However, while emotional response may be critical in soliciting responses from an audience, it may not always be sufficient. In a study of whether emotion causes changes in behavior, Manucia, Baumann, and Cialdini (1984), separated participants into two groups. One group was given a placebo and told that the pill would render them emotionally immune to stimuli for about an hour, and the other group was not given the placebo. Those who were not given the pill were more likely to help others when they became sad, but the effect disappeared with the group that was rendered emotionally immune. Sadness only encouraged participants to help when they believed that their moods were changeable, suggesting that people help others to make themselves feel good. Other studies have shown that sadness can cause an increase in eating, but that this effect is eliminated if people are told that eating will not alter their moods. Likewise, Steenberger and Aderman (1979) showed that people respond to failure with introspection and self-improvement only when there is a chance for progress. Otherwise, they avoid introspection.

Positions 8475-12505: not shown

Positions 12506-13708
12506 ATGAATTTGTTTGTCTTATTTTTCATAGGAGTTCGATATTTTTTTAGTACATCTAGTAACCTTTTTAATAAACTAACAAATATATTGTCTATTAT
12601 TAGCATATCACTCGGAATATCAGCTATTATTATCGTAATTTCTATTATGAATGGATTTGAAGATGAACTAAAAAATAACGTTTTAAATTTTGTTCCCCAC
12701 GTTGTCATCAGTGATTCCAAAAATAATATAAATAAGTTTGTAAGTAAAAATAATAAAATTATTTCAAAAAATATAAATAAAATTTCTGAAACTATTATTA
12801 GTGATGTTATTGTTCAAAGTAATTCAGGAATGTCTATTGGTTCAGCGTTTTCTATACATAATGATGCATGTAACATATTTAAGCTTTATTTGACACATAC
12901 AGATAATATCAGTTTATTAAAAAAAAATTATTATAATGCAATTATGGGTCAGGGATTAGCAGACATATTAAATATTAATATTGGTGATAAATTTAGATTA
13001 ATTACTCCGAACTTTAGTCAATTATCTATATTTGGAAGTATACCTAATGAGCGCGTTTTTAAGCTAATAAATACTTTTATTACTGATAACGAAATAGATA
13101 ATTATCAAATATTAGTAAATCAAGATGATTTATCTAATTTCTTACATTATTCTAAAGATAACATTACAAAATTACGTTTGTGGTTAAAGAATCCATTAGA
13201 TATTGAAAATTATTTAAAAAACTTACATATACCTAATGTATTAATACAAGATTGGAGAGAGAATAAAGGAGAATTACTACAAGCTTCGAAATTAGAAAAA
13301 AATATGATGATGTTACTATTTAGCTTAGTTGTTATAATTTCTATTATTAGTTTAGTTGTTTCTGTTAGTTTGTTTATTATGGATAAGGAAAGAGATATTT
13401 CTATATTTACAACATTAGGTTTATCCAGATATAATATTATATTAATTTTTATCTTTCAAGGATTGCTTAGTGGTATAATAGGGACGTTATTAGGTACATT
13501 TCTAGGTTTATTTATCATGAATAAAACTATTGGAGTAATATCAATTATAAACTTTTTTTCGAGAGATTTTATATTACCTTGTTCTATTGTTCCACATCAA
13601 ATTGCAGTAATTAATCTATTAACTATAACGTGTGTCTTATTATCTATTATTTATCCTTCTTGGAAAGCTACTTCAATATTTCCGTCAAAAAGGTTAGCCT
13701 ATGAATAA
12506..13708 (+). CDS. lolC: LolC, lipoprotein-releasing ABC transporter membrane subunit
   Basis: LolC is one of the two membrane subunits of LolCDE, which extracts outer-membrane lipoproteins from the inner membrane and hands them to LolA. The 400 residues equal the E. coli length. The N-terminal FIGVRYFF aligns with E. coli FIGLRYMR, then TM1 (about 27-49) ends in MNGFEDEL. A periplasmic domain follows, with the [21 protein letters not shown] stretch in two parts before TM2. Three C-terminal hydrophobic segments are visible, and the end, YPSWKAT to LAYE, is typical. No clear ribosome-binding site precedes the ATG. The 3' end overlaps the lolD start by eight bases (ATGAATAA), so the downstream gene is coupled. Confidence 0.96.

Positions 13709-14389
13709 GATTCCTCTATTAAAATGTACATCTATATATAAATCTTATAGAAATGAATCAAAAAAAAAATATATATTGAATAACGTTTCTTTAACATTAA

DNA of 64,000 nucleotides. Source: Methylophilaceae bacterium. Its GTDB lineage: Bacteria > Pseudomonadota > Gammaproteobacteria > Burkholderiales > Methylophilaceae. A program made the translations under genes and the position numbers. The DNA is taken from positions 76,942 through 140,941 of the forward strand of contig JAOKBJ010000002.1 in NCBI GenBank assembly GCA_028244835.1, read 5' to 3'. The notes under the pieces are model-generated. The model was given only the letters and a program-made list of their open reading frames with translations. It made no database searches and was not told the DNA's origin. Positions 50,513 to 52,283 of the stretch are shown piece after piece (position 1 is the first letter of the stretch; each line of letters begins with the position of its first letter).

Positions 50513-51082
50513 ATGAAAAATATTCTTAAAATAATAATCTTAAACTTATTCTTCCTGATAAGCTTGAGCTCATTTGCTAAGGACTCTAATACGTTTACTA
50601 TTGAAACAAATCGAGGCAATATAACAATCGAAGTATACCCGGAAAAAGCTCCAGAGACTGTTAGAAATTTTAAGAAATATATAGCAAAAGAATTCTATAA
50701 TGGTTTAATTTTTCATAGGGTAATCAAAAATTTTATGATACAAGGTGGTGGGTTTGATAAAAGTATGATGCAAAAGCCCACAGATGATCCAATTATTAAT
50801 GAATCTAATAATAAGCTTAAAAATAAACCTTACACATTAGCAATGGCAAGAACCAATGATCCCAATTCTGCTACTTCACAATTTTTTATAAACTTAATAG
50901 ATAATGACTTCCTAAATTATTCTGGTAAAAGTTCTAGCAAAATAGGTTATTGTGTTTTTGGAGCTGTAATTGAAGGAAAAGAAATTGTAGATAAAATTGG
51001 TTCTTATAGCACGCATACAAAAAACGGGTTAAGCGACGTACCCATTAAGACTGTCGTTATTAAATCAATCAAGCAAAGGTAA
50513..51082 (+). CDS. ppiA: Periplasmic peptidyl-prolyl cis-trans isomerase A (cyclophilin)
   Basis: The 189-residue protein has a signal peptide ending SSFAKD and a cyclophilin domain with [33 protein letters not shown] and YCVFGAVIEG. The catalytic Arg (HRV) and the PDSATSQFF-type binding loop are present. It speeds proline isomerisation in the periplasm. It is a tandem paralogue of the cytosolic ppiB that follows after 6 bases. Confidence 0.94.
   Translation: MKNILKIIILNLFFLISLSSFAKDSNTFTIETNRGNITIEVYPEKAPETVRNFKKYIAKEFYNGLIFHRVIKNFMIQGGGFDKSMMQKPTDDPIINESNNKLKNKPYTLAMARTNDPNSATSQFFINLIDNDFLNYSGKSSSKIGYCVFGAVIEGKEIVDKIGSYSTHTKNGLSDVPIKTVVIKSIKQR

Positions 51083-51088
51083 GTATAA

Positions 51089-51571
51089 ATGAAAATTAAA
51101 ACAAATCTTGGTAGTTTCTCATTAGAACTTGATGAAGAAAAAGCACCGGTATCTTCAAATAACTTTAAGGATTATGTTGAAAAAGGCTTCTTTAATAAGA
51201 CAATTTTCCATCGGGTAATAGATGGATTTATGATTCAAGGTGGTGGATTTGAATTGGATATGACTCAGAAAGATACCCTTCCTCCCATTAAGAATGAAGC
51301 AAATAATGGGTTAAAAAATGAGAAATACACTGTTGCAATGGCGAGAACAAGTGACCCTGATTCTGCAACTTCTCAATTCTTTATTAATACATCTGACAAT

These studies suggest that emotional responses must be paired with relatable messengers and clearly defined solutions that are perceived to be beneficial to each individual.
What might this mean for film?
Marc Karzen, a social media entrepreneur and owner RelishMix told the New York Times, Participant will probably affirm what conventional film studios are learning through other means: that the impact of content is less about persuasion than about nudging an audience to act on their inclinations.
Photography by SparkMedia, available on WikimediaCommons